Two waves, from the same source, may arrive at a point by different paths. Path Difference can be:

1.    Geometrical Path Difference:    If there is a physical difference in the routes travelled:

2.    Optical Path Difference: This difference arises when one of the waves undergoes refraction, through another                   medium, causing a change in its wavelength. When the two waves arrive at the destination they have travelled a            different number of wavelengths. The optical path difference (OPD) is thus quoted in terms of wavelength.

    The diagram shows two rays of light travelling along paths of equal geometric length. One travels through the air and       the second passes through a block of glass of length LThe wavelength of the light in glass decreases due to refraction      and it exits the glass out of phase with wave 1. It can be shown that a length L, in a medium of refractive index n,           is equivalent to the length nl in air.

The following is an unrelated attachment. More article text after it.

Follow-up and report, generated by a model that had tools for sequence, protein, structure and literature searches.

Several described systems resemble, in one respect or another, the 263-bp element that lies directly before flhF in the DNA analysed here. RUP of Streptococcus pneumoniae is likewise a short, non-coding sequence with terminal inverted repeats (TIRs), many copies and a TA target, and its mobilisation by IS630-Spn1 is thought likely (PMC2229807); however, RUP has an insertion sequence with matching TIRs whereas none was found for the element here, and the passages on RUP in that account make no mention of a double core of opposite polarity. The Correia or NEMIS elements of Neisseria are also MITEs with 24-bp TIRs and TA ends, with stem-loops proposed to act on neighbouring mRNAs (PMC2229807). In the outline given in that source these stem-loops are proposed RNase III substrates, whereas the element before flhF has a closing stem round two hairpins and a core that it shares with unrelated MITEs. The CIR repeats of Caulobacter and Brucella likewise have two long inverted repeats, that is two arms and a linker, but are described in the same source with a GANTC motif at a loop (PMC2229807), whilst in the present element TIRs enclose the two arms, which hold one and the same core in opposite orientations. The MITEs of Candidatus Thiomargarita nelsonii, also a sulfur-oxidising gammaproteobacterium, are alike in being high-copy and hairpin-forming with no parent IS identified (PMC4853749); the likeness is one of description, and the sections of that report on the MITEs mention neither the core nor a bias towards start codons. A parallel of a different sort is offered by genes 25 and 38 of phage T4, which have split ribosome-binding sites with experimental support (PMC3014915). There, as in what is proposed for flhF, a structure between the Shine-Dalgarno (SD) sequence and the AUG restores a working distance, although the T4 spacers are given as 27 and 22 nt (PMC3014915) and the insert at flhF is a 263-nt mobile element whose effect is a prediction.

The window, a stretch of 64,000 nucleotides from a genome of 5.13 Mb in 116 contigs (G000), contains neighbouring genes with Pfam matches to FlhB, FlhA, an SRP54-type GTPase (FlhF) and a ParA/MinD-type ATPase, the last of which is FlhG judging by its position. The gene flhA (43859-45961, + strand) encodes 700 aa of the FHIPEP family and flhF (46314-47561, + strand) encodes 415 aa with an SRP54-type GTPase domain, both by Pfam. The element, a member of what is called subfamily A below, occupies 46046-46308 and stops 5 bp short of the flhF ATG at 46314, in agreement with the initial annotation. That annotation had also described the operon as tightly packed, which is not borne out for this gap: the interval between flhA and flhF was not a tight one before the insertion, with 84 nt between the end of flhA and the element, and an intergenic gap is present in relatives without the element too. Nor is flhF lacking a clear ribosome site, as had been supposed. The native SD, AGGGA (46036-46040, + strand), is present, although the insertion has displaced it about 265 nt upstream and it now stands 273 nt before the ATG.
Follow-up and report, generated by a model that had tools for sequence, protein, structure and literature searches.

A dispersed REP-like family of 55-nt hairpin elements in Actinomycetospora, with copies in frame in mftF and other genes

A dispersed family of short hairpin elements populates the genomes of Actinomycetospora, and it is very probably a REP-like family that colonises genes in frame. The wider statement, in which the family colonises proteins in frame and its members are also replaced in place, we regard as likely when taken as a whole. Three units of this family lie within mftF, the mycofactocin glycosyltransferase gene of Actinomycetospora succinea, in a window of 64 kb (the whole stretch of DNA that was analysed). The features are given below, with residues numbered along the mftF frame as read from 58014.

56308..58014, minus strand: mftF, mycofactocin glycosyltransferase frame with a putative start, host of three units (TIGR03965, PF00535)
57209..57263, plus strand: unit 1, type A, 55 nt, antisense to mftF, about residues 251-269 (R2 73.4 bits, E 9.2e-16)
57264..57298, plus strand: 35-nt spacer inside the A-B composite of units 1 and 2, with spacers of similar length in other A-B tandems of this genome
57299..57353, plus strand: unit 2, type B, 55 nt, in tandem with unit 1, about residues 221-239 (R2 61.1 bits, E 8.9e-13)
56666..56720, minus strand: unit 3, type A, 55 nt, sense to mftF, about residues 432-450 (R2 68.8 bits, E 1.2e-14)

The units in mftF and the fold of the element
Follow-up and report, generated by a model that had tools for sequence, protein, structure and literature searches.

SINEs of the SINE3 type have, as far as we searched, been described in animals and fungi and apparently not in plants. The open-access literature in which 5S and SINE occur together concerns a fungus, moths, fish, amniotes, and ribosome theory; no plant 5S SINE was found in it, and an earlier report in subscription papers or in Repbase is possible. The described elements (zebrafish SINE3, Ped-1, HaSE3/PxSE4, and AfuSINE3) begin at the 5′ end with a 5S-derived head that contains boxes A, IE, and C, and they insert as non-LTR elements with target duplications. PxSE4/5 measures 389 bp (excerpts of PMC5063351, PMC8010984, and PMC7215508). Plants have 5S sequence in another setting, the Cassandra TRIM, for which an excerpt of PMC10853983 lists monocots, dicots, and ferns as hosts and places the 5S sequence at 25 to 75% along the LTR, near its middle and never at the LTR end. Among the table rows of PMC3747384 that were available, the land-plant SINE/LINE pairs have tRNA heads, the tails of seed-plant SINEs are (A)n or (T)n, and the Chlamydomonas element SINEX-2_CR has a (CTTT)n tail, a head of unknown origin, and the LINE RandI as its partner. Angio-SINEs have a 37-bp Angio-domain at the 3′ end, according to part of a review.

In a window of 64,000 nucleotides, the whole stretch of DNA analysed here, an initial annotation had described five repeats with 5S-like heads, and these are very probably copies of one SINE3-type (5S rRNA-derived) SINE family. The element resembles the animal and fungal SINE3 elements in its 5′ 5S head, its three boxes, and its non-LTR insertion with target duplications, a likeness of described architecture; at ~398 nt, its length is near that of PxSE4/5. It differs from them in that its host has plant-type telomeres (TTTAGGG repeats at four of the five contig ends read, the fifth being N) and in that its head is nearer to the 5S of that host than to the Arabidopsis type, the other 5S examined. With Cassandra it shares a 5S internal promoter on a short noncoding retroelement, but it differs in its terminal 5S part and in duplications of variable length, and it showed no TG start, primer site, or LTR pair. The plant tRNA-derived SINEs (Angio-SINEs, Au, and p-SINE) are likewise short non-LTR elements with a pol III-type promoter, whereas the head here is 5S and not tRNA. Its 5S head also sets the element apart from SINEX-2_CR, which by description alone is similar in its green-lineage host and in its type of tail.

The geometric path length in the glass     =    L

The optical path length in the glass          =    nglass L

So, the optical path difference (OPD)       =    nglass L    -     nair L

Thus,                                         OPD        =    nglass L    -     L            (as  nair = 1.0)

Path Difference and Interference:

Path difference contributes to interference. If waves are out of phase they will interfere destructively. If they are in phase then they interfere constructively...

S1 and S2 are two coherent sources of waves in air:

The path difference is (S2Q - S1Q).

For constructive interference to take place at Q the waves must be in phase so this difference must be a whole number of wavelengths (m):

PD    =    (S2Q - S1Q) = λ                where m = 0,1,2,3...

For destructive interference to occur the waves must be out of phase at Q, which means a PD of  λ/2, so:

PD    =    (S2Q - S1Q) = (m + 1/2 ) λ    where m = 0,1,2,3...

NB: Whether the path difference is geometrical or optical these rules apply.

The phase difference at Q is related to the optical path difference by:

where λ is the wavelength in vacuum.

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